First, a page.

Durability systems and mechanics are, on average, worthless. They amount to nothing but mindless, idiotic busywork in most implementations. Bethesda games always have them and it doesn't make anything better. It's not hard to repair weapons, and weapons degrade so quick that you find yourself doing it all the time for no clear reason. Have a shiny new shotgun? Use it a couple of times and now it does less damage. Even if you craft your own custom weapon, it will disintegrate in your hands within a few enemies. So much for your high repair and machinery skills, right? It's a useless mechanic in Bethesda games that serves to do nothing but inconvenience the player and add more repetition.

    Dark Souls has it too so you have to repair your weapon every once in a while too. It's so infrequent that even after four or five Soulsborne games with durability, I still don't really know what the durability mechanics are supposed to do besides pop up every so often as an inconvenience. Even in other games like Diablo, it's there as an inconvenience but at least of a punishment sort—durability goes down when you get hit, or when you die. Weapon durability needs to be checked in on every so often.

    But with Breath of the Wild... I'd say this game actually does it well but there's a bias to get over. Even on this second playthrough, I found myself dreading the durability during the tutorial part of the game but I think this is just the bias that durability mechanics in every other game has instilled in my as someone who plays games. Games across the board have taught us that durability mechanics are always boring, annoying garbage mechanics that only exist to give us a mild inconvenience. But here, it's integral to what makes Breath of the Wild work the way it does and by the point that I'm about 10 hours into the game, I'm glad the system is there. It changes how you approach the game and your idea of how to regard the equipment. There's a certain peace when you don't have an attachment to equipment so you're free to experiment with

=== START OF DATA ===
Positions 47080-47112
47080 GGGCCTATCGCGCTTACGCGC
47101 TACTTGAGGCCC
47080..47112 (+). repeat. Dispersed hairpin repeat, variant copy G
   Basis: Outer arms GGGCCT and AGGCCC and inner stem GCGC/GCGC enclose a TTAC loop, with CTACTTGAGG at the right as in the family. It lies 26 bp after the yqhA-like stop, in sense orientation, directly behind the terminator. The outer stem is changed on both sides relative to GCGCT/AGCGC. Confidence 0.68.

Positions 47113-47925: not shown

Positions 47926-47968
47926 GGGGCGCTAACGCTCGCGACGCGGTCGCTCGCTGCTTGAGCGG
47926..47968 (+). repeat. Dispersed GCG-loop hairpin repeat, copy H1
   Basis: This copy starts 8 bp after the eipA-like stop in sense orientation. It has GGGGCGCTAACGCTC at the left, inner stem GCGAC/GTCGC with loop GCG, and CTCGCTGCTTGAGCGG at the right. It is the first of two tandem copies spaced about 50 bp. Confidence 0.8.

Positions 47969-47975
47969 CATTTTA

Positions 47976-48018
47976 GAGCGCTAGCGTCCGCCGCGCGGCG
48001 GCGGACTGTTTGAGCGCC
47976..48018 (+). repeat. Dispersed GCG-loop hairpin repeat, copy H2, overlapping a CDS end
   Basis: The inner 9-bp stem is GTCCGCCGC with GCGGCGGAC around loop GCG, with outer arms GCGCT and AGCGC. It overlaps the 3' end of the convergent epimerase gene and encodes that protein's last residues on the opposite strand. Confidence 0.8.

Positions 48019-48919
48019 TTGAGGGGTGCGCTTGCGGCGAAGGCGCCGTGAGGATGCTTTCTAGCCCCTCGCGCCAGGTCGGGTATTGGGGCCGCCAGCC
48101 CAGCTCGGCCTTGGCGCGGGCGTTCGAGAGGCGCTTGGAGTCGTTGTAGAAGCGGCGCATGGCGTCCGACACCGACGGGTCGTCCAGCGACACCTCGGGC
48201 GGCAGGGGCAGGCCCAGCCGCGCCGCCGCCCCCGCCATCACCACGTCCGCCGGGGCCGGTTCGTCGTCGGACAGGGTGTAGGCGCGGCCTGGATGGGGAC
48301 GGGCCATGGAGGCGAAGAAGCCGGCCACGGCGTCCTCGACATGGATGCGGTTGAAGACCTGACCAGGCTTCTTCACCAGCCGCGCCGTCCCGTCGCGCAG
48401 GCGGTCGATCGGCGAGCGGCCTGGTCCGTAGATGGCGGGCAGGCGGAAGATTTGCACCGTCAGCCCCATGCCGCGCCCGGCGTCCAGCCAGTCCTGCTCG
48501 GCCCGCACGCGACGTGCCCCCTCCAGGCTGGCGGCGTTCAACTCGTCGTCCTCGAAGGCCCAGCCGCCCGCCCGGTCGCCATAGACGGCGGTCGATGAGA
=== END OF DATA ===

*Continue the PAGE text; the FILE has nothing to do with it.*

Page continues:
Benefits:

    • Increased enemy variety. On top of mixing stronger and weaker enemies, they can also carry different kinds of weapons of varying strengths allowing for more dynamism for the many enemy encounters across this big, open world. It's not like most open world games where your average mook has garbage equipment that you're never going to consider beyond the first stages of the game. It's also not like Oblivion where highway bandits are rocking super rare Daedra armour.